Two weeks ago, on April 7, we celebrated National Girl, Me Too Day. April 7 quickly became a day of female empowerment and recognition. Women of all different walks of life spoke out to support other women and share their own stories. Support outpoured when women stepped up to share stories of hardship, neglect, and struggle. Empowerment came when each woman was surrounded by others who understood her reality, who may have even lived it themselves. Social media was abuzz with women encouraging one another, women showering each other with praise, and women loving themselves while loving other women.
The most important message of Girl, Me Too Day is to love others while learning to love yourself. It is painfully easy to unconsciously slip into self doubt and a comparison-based mindset. Scrolling through social media feeds leaves the feeling of unworthiness. Not unworthiness in our own potential, but unworthiness when comparing ourselves to the highlights of other people’s lives. Consistently viewing highlights is a direct path to despising personal vulnerability and flaws.
Symonia Montgomery, Girl, Me Too’s founder, started this non-profit organization to encourage women to create healthy relationships with one another. This started from a passion to turn the shared trauma and struggle of womanhood into a platform to create forever bonds. The mission of the organization encompasses the dream of women supporting women. Using her platform, Montgomery has been able to reach out to women in need of reassurance and give them the advice they need to grow through what they’re going through. While forming bonds is a top goal of Girl, Me Too, helping women tap into their own potential is Montgomery’s biggest motivator. Building an organization that allowed women to express themselves by whatever means necessary progressed into Girl, Me Too gaining its own national day of recognition.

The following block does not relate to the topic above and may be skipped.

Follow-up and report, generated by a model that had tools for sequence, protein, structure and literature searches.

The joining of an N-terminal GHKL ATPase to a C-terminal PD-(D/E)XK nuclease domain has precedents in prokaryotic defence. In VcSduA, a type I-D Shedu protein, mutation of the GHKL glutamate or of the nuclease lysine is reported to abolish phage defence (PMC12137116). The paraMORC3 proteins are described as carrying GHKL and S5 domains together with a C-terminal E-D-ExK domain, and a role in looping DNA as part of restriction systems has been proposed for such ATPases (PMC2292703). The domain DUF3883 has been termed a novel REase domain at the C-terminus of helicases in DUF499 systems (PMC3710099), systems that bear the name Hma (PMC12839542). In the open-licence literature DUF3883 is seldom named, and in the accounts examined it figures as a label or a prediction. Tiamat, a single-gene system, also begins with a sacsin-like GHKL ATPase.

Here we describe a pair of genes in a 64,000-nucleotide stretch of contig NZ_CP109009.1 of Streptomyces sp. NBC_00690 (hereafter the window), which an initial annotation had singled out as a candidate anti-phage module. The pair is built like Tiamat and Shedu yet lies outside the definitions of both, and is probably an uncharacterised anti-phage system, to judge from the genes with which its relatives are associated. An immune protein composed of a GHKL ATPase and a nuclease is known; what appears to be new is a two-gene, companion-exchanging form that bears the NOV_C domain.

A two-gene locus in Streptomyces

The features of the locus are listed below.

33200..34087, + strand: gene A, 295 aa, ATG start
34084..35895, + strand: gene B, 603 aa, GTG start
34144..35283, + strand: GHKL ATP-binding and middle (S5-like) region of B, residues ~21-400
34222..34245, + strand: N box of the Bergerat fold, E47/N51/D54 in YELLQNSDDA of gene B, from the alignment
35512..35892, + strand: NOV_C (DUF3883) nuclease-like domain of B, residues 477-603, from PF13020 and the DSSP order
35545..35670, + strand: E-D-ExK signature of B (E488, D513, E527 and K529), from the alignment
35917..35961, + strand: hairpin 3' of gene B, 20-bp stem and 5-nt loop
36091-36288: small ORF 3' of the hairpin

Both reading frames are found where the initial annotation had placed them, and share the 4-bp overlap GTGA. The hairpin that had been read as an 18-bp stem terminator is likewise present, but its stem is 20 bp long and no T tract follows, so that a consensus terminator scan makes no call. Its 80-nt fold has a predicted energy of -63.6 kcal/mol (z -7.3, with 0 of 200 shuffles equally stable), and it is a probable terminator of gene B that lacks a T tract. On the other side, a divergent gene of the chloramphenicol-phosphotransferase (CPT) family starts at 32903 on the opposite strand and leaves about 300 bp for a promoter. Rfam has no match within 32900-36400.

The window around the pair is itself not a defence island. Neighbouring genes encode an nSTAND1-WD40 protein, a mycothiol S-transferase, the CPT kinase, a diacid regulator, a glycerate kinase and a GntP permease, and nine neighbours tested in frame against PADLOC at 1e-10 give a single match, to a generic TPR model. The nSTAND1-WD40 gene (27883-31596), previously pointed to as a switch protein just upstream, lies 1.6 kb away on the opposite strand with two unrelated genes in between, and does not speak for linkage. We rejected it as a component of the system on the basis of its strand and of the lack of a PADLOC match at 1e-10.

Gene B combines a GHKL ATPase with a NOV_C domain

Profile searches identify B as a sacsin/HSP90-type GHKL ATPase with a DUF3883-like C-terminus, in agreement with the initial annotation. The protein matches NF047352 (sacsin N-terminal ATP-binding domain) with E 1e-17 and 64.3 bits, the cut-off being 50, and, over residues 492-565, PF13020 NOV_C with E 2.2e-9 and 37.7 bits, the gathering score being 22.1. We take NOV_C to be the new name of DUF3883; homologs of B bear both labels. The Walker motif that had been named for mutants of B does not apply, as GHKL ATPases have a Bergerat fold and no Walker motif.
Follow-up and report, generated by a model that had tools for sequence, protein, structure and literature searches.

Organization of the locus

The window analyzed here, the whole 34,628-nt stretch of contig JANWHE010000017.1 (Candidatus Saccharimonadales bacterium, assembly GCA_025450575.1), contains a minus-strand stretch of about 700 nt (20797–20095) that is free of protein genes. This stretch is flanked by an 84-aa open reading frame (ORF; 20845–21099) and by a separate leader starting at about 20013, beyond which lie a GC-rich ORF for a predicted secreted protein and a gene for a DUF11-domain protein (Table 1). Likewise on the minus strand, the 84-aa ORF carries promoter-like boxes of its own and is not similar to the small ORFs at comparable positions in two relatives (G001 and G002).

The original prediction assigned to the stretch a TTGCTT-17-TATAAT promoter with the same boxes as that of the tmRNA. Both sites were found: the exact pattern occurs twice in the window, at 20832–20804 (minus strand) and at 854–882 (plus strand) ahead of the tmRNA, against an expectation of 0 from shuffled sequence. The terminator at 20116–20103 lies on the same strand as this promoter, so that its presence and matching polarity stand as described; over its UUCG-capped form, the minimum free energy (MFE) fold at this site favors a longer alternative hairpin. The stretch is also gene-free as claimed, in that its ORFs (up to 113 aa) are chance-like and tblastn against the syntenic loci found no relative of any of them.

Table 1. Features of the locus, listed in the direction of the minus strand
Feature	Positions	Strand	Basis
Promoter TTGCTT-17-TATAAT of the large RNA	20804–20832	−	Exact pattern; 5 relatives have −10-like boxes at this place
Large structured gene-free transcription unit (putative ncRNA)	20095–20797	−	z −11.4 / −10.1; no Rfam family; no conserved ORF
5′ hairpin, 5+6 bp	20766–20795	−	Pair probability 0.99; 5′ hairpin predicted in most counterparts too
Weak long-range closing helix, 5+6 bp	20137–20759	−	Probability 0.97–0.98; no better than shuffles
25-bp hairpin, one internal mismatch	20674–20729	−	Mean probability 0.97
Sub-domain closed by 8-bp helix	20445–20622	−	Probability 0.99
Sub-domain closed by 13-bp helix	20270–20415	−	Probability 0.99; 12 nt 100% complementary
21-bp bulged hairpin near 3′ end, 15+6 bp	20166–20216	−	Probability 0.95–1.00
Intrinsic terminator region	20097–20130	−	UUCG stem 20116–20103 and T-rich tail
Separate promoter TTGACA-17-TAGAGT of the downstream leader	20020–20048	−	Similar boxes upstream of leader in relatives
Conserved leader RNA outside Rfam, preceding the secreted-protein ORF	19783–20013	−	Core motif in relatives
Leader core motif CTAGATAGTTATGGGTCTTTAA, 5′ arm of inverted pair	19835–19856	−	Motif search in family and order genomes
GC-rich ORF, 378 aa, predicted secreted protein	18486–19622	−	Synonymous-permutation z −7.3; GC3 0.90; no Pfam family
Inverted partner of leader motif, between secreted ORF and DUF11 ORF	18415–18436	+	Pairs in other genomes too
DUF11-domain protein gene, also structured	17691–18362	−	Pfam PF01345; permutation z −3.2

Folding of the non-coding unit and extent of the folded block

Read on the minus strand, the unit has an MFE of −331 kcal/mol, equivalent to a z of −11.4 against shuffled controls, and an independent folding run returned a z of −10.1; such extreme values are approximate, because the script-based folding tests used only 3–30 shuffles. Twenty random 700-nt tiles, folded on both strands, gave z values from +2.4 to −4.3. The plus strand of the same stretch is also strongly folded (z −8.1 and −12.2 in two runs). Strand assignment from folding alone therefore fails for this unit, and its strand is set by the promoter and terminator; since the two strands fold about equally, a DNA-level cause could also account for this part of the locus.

It is impossible to attempt to love someone if there is no room to love one’s self. Loving yourself allows years’ worth of built up potential to finally come to fruition. National Girl, Me Too Day is one in which we, as women, are encouraged to break the boundaries we have limited ourselves to and spread love to everyone, including our own mind, body, and spirits. It is a day of nourishment and enrichment, one filled with emotional hardship, yet still with support and understanding. Understanding the universal reality that women live. It is a day that allows us to stand together and share. To stand together in solidarity towards the hope of building a society where women are celebrated everyday. A society in which our daughters, sisters, nieces, and all friends are exposed to the language of love over hate.
Girl, Me Too celebrates and mourns years of building and destruction for women. It celebrates the growth of the modern woman, but doesn’t allow us to forget her hard fought battles. It doesn’t allow us to forget that she has persevered, she has lost, and she has overcome. It allows us to collectively feel our misfortunes, our struggles, and our realities. It allows us to rejoice in our accomplishments, in our successes. Most importantly, it encourages us to stand together rather than breaking each other apart . . . It is hard, it takes work, but it is oh so worth it. I would know, because girl, me too.
Montgomery, Symonia. 2016. Girl, Me Too.
Lena Cassidy is ink.'s current intern. She is a dual major in English education and Writing Arts with multiple concentrations at Rowan University. When not busy teaching, writing, or editing, Lena enjoys reading romantic comedies and abstract painting. She aspires to be a novelist and eventually a college professor.